Monthly Archives: January 2014

Speaking From Among The Bones

Speaking from Among the Bones

In the fifth book by Alan Bradley, Flavia returns again – witty, sharp, and precocious. I just love her!  She’s like a young Sherlock Holmes.

When the organist is found dead in a crypt of the church (discovered as the Vicar and workmen are set to exhume the remains of Saint Tancred), Flavia once again has a murder to solve. She races to figure it out before Inspector Hewitt or two new rivals. With a backdrop of their ongoing family tensions (including the aging manor house Buckshaw), Flavia is in her element.  Aside from chemistry, Flavia does snooping very well!

There is a gasp moment!  I can’t wait for the next installment in the Buckshaw Chronicles!

4 / 5

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A Kiss In Time

A kiss in time

Sleeping beauty is a very creepy story when you go by the version where the beauty is sleeping for hundreds of years and is awoken by a stranger’s kiss. Luckily, this is more of a charming retelling of the classic tale than a creepy one.

Talia is a rather bratty princess who has been watched all her life and constantly warned to avoid spindles.

Three hundred years later, Jack is a teenage boy desperate for the attention an approval of his parents. Given to partying, he affects boredom with his life, until he stumbles across Talia.

Malvolia is a witch bent on revenge.

What follows is a fun modern fairy tale which gracefully inserts magic into today’s day and age. You’ve got some timeless worries (e.g. child seeking approval of parent), a love story, and the amusement of someone from the past discovering the modern world.  On that last note, I didn’t think Talia’s reactions to modern conveniences were very realistic.  On the other hand, this IS a retelling of a fairy tale.

4 / 5

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The Straw, the Coal, and the Bean

Fairy Tale Tuesdays

It’s Tuesday again ALREADY?  Time flies I find!


This week is another tale from the Brother’s Grimm called The Straw, The Coal, and The Bean.

Once upon a time there was an old woman.  She gathered a dish of beans and wanted to cook them so she made a fire in the hearth.  To make it burn faster, the woman used a handful of straw.  When she was pouring the beans into her pan, one dropped.  The woman did not notice the bean, nor a stray straw lying on the ground.  Soon afterward, a burning coal dropped down from the fire to join the two.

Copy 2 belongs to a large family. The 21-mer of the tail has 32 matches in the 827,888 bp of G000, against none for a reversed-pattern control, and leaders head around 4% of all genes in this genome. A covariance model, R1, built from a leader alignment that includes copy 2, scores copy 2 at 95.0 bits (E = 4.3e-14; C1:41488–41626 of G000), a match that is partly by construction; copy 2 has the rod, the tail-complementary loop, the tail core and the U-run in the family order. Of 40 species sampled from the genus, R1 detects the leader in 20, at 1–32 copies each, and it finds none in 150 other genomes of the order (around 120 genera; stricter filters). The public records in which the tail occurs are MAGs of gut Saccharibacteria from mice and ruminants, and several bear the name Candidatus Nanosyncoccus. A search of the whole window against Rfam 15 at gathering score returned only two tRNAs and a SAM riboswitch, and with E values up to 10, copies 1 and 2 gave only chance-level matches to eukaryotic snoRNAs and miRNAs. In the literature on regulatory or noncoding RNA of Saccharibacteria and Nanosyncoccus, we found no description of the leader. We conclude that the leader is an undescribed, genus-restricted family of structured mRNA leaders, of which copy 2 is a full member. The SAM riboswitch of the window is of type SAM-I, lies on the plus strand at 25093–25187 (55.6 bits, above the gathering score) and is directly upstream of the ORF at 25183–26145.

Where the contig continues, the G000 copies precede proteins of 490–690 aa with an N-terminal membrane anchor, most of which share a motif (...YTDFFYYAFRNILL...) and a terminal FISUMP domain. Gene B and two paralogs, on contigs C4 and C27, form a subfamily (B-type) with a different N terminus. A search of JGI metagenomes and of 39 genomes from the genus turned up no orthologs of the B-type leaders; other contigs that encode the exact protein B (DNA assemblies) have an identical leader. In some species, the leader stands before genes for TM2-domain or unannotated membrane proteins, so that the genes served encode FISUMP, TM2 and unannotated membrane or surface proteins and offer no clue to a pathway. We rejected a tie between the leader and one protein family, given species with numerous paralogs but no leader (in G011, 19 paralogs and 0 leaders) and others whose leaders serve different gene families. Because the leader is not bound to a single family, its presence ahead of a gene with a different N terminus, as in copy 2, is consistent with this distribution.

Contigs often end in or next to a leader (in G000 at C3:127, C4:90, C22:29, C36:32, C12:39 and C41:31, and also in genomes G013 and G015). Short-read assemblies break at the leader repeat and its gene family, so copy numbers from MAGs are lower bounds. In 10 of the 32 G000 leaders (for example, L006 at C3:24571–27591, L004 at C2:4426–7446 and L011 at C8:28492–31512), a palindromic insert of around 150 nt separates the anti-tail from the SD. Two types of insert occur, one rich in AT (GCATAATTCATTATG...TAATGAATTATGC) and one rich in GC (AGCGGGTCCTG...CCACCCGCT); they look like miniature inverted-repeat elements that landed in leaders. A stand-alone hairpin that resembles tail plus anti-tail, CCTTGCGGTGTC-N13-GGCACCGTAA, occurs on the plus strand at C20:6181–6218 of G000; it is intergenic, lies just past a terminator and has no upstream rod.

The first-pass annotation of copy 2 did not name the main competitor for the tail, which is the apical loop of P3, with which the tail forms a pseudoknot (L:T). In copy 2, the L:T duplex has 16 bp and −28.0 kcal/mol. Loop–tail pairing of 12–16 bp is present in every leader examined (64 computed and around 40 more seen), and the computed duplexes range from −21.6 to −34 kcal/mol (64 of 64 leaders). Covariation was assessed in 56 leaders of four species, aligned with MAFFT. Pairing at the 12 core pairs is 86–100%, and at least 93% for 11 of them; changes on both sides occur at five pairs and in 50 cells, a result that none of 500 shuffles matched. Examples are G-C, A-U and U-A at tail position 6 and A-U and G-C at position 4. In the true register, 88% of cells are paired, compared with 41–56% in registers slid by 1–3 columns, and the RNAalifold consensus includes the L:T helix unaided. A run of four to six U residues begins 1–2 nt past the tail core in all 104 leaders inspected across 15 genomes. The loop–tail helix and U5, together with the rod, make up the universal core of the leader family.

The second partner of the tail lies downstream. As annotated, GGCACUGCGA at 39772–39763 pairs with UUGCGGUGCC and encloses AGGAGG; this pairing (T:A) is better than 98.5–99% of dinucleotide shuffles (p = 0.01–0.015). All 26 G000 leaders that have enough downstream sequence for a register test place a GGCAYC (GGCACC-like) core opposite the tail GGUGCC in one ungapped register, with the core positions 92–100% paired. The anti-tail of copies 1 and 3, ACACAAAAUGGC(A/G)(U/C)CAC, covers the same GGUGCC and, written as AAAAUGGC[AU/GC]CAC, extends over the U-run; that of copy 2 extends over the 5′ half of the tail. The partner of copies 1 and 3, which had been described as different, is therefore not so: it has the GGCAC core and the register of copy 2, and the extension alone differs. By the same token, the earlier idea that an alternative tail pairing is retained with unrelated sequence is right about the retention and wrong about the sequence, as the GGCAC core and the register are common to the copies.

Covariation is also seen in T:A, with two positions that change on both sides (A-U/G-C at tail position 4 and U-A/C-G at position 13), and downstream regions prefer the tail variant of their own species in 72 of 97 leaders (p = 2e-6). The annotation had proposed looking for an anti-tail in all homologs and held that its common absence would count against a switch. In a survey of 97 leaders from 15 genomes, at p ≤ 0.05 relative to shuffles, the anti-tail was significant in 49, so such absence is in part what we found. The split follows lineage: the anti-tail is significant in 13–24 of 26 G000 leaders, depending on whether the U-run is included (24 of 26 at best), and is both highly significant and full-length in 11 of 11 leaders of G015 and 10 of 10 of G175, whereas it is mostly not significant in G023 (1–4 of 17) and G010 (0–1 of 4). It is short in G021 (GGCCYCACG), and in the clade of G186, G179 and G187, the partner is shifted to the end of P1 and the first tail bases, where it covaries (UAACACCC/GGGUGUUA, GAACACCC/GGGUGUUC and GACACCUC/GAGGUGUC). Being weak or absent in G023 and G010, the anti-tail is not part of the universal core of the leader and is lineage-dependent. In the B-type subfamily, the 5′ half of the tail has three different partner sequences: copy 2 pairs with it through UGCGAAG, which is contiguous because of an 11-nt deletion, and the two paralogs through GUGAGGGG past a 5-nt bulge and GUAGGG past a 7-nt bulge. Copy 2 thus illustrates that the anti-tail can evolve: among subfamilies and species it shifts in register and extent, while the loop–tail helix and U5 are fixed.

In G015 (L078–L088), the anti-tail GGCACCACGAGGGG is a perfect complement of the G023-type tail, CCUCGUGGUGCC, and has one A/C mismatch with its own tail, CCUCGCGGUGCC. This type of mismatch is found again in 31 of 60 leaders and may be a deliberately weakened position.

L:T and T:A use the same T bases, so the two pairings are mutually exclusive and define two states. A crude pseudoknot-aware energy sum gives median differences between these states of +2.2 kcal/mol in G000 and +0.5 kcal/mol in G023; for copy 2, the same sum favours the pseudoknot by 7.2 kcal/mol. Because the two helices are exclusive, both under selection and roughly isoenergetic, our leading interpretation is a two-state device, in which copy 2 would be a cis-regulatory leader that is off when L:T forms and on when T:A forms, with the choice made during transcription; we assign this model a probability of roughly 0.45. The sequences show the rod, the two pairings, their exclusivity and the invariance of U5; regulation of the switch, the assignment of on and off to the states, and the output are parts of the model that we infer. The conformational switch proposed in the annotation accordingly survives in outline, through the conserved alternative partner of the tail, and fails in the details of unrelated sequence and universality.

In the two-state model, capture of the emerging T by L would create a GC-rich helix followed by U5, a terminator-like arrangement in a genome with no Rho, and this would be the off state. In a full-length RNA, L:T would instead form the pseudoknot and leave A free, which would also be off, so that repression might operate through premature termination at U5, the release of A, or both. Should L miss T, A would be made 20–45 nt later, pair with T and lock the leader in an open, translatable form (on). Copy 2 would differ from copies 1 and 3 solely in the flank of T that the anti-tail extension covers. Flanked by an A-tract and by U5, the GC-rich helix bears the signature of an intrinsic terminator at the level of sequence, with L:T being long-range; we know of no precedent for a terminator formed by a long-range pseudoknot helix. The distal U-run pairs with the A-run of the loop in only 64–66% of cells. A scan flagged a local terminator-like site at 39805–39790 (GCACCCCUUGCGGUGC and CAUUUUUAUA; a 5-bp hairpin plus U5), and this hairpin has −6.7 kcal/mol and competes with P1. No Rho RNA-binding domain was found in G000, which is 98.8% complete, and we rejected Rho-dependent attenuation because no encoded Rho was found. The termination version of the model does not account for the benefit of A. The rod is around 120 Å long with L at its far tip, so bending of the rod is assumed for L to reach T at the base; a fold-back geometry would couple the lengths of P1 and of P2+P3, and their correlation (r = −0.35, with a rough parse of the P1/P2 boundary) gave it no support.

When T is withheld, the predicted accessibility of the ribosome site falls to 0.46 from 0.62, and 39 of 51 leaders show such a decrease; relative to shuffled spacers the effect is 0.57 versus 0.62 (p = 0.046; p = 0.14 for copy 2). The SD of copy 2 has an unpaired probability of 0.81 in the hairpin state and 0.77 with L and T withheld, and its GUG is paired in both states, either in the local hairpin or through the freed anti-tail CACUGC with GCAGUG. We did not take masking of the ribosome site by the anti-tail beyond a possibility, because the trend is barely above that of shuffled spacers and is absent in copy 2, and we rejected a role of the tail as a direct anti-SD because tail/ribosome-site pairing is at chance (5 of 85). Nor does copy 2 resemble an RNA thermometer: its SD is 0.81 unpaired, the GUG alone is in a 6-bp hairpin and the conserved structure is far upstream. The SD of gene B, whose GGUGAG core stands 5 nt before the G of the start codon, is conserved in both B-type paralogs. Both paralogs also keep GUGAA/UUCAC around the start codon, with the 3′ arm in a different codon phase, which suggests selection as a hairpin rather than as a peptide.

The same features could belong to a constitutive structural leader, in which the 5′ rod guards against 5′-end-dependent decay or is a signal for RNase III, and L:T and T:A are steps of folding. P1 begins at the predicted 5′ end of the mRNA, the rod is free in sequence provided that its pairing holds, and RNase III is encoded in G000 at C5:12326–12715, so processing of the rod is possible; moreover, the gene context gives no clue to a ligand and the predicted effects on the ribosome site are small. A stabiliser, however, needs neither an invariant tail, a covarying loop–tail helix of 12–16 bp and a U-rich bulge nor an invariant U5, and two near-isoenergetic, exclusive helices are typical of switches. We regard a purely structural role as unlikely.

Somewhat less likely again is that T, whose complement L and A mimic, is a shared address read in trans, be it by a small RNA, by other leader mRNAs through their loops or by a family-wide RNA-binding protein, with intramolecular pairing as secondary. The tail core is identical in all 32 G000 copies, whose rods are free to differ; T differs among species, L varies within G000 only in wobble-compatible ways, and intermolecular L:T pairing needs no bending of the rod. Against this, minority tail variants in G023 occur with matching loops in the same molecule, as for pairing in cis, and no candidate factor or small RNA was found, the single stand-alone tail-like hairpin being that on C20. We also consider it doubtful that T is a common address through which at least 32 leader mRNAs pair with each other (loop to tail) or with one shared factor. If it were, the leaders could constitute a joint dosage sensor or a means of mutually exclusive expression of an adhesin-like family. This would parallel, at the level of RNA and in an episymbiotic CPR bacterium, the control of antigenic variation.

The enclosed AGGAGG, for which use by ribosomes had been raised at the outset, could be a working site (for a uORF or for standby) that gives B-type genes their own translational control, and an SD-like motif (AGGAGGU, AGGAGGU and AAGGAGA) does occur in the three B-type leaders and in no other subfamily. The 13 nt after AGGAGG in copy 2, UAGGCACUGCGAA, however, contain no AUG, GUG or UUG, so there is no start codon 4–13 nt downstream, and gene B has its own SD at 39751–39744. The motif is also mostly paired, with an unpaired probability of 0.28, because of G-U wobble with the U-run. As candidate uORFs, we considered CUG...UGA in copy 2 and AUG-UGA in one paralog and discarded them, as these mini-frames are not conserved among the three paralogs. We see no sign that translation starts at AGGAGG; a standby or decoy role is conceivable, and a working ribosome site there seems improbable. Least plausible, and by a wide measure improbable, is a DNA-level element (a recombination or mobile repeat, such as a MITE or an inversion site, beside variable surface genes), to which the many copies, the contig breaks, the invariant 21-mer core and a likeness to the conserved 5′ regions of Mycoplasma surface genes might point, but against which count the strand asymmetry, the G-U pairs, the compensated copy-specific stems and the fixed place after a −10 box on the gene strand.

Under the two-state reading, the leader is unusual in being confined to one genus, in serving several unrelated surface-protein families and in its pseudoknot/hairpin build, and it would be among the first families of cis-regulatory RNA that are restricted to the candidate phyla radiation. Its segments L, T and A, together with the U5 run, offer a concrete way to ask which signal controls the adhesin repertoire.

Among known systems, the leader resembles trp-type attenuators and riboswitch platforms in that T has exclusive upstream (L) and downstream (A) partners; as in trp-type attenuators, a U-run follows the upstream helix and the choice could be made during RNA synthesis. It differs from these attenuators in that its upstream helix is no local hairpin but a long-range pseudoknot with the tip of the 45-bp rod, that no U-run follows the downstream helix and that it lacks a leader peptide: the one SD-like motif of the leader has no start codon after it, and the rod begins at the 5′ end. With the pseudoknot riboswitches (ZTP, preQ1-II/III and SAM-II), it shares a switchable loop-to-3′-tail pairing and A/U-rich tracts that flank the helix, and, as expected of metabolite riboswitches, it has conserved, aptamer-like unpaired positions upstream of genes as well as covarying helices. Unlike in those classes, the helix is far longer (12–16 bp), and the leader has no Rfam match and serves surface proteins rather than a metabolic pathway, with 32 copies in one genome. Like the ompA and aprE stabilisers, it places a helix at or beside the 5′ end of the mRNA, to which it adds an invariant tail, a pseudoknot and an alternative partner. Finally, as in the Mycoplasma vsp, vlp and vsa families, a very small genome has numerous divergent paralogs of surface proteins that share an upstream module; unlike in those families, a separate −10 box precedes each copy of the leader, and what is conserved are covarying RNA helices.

The straw said, “How did you come to be here?” to the others.

“I am lucky to have dropped out of the fire.  If I had not escaped, I would have certainly died and been burnt to ashes!” exclaimed the coal.

The bean then replied, “I am also lucky to have escaped.  If the old woman had gotten me into the pan, I would have been made into broth like my brothers and would have certainly died!”

“My fate was similar,” said the straw, “for if I had been put into the hearth, I would have burnt to ash as well and would have certainly died!”

“What do we do now?” asked the coal.

“Since we have been fortunate and have escaped death,” ventured the bean, “we should keep together.  To avoid further misfortune here, let us go away together.”

The other two supported this idea, and the three set out.  Soon they came to a little brook. There was no bridge in sight, so they did not know how to get across.

“I have an idea,” said the straw, “I will lay myself straight across and then you can walk over me like a bridge!” The straw then lay himself down and stretched handily from one bank to the other.

The coal walked boldly onto the straw’s back, but when she reached the middle and heard the water rushing below, the coal became scared and would go no further.  The poor straw began to burn and broke into two pieces, plunging both of them into the stream. The bean, who had stayed behind on the shore, laughed heartily at this spectacle.  The bean laughed and laughed until she burst.

Luckily for the bean, a tailor who was traveling in search of work, had stopped nearby.  He kindly took the bean and sewed her together with his needle and thread. The bean thanked him prettily.  The tailor used black thread, so all beans since them have a black seam.

What a funny little fable!

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I am half-sick of shadows

I am half-sick of Shadows

Alan Bradley is brilliant. Flavia de Luce is an eleven year old budding chemist residing at Buckshaw – an old Manor house in England with her father, Colonel de Luce, her two elder sisters (Ophelia/Feely and Daphne/Daffy), Dogger (a man-of-all-trades on staff) and old Mrs. Mullet (the cook). Flavian is delightful, hilarious, and precocious. I salute Alan Bradley for creating such a believable voice for his narrator and protagonist, Flavia. I like her more and more with every installment in The Buckshaw Chronicles. I Am Half-Sick Of Shadows is the fourth.